David Kirk, the UK Financial Conduct Authority’s chief criminal counsel, says "dubious trading activity" has fallen by 50% in three years as FCA vows to continue crackdown on hedge fund traders
David Kirk, the UK Financial Conduct Authority’s chief criminal counsel, says “dubious trading activity” has fallen by 50% in three years as FCA vows to continue crackdown on hedge fund traders
The UK financial regulator’s tough stance on insider dealing at prominent hedge funds and asset managers has contributed to a 50% fall in “dubious trading activity” around earnings announcements and other market-moving news in the past three years, according to David Kirk, chief criminal counsel at the Financial Conduct Authority (FCA).
Speaking at the GaimOps conference in the Cayman Islands, Kirk highlighted last year’s case against David Einhorn and Greenlight Capital as an example of the FCA’s approach to rooting out market abuse.
Einhorn and his $9 billion hedge fund were fined £7.3 million ($11.1 million) for engaging in market abuse in relation to an equity fundraising by Punch Taverns, the largest pub and bar operator in the UK.
The Financial Services Authority (FSA), the predecessor to the FCA, imposed the penalty despite accepting that Einhorn did not knowingly and deliberately trade on inside information. Indeed, Einhorn had explicitly refused to give Punch a commitment to treat the information he received in a telephone call with its broker and management team as confidential.
Kirk says the FCA intends to continue with its “credible deterrence” strategy by pursuing cases against prominent figures in the financial industry. The aim of regulatory actions, he says, is to “send a shiver up the spines” of market participants that engage in market abuse.
“The Einhorn case attracted a great deal of interest because he is a serious player in the market,” says Kirk. “We have found this [strategy] has had a significant effect… on market integrity” as evidenced by a meaningful decline in suspicious trades.
The FCA is taking a tougher stance on market abuse than its US counterparts, according to John Nathanson, a partner at law firm Shearman & Sterling. He argues Einhorn’s actions would not constitute insider trading under US law because he explicitly disavowed any duty of confidentiality in the call with Punch.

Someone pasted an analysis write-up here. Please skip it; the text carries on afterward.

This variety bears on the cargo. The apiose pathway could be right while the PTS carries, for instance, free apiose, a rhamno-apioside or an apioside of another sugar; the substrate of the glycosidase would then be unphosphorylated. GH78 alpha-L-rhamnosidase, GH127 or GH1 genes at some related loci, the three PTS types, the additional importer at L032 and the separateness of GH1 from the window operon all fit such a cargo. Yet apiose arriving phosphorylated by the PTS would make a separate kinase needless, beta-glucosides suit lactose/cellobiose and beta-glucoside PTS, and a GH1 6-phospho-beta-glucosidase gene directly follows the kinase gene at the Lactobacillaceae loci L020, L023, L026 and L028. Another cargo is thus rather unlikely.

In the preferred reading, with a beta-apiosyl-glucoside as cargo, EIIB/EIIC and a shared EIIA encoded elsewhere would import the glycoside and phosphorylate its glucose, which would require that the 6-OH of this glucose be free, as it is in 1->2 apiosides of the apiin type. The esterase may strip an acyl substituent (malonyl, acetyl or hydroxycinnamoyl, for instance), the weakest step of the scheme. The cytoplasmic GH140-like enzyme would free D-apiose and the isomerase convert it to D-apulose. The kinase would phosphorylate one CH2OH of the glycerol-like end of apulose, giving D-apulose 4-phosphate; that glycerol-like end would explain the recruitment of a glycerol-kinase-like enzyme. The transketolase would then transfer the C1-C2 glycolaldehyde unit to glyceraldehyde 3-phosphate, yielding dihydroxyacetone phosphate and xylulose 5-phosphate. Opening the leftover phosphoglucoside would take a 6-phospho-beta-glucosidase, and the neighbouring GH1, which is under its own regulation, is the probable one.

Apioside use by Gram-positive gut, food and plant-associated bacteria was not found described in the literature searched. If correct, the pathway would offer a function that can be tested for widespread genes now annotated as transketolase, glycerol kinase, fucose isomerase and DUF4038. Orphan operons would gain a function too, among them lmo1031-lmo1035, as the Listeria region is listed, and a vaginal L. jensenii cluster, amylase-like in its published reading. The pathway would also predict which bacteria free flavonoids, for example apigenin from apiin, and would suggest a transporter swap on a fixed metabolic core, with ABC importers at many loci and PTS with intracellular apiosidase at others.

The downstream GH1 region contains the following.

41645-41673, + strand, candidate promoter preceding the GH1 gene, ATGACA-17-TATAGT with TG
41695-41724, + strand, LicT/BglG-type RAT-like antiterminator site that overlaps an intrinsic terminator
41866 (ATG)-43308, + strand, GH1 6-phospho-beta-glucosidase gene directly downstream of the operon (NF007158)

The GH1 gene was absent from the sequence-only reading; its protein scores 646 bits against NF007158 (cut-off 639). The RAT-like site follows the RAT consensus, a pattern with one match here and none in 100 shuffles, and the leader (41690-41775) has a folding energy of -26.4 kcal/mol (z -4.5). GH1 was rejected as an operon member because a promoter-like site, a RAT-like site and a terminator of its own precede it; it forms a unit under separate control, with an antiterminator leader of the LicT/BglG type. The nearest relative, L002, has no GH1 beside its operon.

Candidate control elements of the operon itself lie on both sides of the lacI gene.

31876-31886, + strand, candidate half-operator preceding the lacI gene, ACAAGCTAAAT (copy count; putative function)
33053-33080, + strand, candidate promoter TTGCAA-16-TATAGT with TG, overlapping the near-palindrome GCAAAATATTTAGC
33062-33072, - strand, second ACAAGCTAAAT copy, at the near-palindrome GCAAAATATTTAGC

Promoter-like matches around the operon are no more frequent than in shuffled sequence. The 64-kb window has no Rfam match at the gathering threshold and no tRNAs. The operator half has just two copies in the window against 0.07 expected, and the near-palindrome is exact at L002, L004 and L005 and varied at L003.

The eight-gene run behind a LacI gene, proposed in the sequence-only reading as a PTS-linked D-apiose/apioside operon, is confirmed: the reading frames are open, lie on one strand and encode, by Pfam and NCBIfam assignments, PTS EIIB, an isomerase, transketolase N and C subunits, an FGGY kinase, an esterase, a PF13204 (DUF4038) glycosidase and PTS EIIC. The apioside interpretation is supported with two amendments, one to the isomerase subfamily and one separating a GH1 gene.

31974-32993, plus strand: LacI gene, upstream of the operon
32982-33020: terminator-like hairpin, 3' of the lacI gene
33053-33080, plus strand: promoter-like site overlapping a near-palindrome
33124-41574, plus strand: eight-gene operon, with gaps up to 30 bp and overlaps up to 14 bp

“In some ways, the UK has gone beyond the US in terms of what constitutes proper conduct,” he says.
Patrick Sinclair, a prosecutor in the US attorney’s office, disagrees. He says Einhorn should have sought advice from Greenlight’s legal and compliance team before trading on the information. The company contacted Einhorn to solicit his support for its fundraising plans “and instead of engaging in an honest dialogue, Einhorn turned around and traded on the information”.
His advice to hedge fund managers is simple: “If a company provides you with information in trust, involve the compliance and legal people immediately. Don’t just sell out the position.”
Kirk also defends the FSA’s decision to fine Einhorn even though it could not prove he knowingly traded on inside information. “The facts were absolutely clear. There was a 45-minute conversation [with Punch] and he traded on the information two minutes after he put the phone down. He should have appreciated he was trading on inside information.”
Einhorn’s failure to inform Greenlight’s compliance team was a factor in the decision to pursue the case, says Kirk. “If a senior person doesn’t seem to believe they need to seek advice [from the compliance group], the regulator sees that as a danger sign,” he says.
The US attorney’s office is shifting its attention to political intelligence companies that gather and disseminate information on pending legislation and government policy. “Political intelligence firms are expert networks 2.0,” says Sinclair.
He says US regulators are “looking at whether government actors and lobbying groups have breached their duties by disclosing confidential information to financial institutions and hedge funds”.
Last year the US Congress enacted the Stop Trading on Congressional Knowledge Act, or Stock Act, which prohibits lawmakers and other public officials from trading on non-public government information or passing this on to others.
There have also been calls for political intelligence companies to register with regulators and disclose their activities.
Height Securities, a political intelligence company, has recently come under scrutiny after it alerted clients of a shift in government policy that benefited health insurance companies.
Marwood Group, another political intelligence group, was subpoenaed by the SEC earlier this year after it alerted its clients that the Food and Drug Administration would delay approval of a drug to treat diabetes.
Sinclair says regulators are focusing on hedge fund compliance with SEC Rule 10b5-1, which provides a safe harbour for directors and board members to sell stock in the company. Hedge funds need to have policies on trading by employees that may have access to non-publication information because of their position on a company’s board.
“Hedge funds should be aware of the company’s policy and ensure the board member - your insider - is following those rules,” says Sinclair. “We are going to be reviewing these practices further.”
This article was first published on Risk